- What the Dog Saw – an oldie but goodie from one of my favorite authors, Malcolm Gladwell. It was an early book of his that I had never read, but upon seeing it at a small bookstore in Asheville this summer I knew I couldn’t pass it up. It’s actually a collection of short stories and essays that he’s written over the years, so they are all super enjoyable and digestible one sitting at a time.
- Talking to Strangers: What We Should Know About the People We Don’t Know – Gladwell’s newest book, I actually bought it at the tail end of 2019 but didn’t read it until early 2020. Considering all the civil unrest that transpired over this past year, this is perhaps one of the best books I could have read for my own self-reflection and improvement leading into the summer. I’ll share my #1 book in my next post, but if you are someone who realizes that in order to change the world (like so many claim to want to do) you need to start with the person in the mirror, I’d recommend this book.
- The Practice: Shipping Creative Work – a gift from my mentor Chris Cooper, this is by Seth Godin, one of my favorite authors and our keynote speaker from our Two-Brain Business Summit this past year. Seth is famous for his brevity, and this book does not disappoint as he riffs on all things concerning the practice of doing meaningful, contributing work.
- Daily Strength for Men: a 365-Day Devotional – this was a gift from Rob and Vicky Rivera, and is part of my morning devotional routine. Its hard to find a good devotional, so I was thrilled when they gifted me this for my birthday. It’s split up real nicely – every ‘left’ page has a verse of scripture that is then applied to every day life. Then, each accompanying ‘right’ page expands the verse further and poses some reflection questions. I’ve never seen one organized this way but I absolutely love it!
- Business Secrets From The Bible – a recommendation from a gym owner and friend in Indiana (Blake), this is exactly what I needed to read as we close out 2020. A struggle that I’ve long had is in finding clarity between using the gifts I’ve been blessed with and creating and managing a business that is doing God’s work for His Kingdom. This book does a wonderful job using scripture to help me bridge that gap.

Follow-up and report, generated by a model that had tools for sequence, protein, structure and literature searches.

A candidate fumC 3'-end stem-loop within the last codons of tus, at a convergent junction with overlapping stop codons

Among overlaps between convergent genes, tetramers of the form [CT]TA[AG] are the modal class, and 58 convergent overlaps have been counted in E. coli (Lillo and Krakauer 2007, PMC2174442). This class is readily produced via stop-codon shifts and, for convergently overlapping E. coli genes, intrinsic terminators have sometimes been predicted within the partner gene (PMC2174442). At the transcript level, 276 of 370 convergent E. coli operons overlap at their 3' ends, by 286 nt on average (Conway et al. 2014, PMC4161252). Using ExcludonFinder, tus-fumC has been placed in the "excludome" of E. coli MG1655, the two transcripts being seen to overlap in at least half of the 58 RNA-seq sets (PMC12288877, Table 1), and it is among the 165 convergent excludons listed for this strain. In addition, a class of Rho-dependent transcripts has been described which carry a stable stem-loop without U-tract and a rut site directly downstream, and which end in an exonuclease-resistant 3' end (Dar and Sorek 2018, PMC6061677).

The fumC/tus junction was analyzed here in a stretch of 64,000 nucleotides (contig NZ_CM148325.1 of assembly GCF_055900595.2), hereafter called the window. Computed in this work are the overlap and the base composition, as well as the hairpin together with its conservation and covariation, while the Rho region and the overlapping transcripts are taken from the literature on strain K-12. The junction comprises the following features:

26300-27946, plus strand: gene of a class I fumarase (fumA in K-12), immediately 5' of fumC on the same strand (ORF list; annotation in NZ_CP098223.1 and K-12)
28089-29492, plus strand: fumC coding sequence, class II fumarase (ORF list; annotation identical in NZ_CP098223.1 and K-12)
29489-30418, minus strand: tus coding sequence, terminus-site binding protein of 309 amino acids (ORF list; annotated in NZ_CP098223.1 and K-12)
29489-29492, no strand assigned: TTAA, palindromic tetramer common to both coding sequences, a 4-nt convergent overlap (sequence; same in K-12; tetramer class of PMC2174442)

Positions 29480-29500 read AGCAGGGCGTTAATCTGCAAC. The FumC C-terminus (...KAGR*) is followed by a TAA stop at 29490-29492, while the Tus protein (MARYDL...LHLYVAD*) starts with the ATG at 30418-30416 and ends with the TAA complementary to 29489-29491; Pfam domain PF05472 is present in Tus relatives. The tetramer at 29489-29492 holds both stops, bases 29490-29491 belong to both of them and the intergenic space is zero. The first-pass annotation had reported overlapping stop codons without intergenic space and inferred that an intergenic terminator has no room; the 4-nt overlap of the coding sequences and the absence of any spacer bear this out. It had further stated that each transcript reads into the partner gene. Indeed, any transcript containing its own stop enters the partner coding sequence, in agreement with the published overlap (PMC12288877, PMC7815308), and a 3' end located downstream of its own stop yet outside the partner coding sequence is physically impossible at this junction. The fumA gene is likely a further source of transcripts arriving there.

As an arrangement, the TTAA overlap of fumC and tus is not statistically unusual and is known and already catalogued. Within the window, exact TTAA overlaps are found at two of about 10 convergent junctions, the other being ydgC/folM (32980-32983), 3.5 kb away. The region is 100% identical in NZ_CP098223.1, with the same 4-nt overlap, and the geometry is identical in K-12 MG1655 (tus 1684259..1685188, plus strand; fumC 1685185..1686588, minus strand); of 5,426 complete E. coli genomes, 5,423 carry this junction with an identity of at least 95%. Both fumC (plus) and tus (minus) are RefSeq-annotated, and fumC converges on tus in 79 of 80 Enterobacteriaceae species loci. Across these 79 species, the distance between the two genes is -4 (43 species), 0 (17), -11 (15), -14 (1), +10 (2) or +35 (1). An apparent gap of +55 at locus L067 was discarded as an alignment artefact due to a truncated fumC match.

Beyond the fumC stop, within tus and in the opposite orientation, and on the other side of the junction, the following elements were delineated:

- The Rise of Superman: Decoding the Science of Ultimate Human Performance – this was the first book that Brad Overstreet (mentioned earlier above) gifted me. I think this book stemmed from a conversation about adrenaline and other hormones and how they play a unique role in maintaining client relationships. Having said that, this book is not short on adrenaline-junkie filled stories, which is right up my alley!
- The Fifth Risk: Undoing Democracy – if you know me well enough, you know that politics are among the last things I’d ever be interested in reading about. However, a combination of reading a few random pages from this book when I saw it in a bookstore (yes, again in Asheville) and my affinity for Michael Lewis (of ‘Moneyball’) meant that I’d give this a shot. Let’s just say that I think anybody who has a modicum of interest in how our country works should check this out. Put aside your biases (and those in the book) and you may just come away with a new appreciation for this great nation that we call home. It really is a modern miracle that things are still functioning!
- Eleven Rings: The Soul of Success – Jordan and the Bulls. Kobe and the Lakers. The only disappointing thing about this book is the fact that it took me so long to pick it up and read it! I’d had it in my nightstand for about six months, but after being glued to the TV during ‘The Last Dance’, I couldn’t get through this one fast enough. And it didn’t let me down one bit. If you’re a sports fan, you gotta read it. If you’re a Jordan or Kobe fan, you gotta read it. If you’re a fan of the process of how super successful people get there, you gotta read it.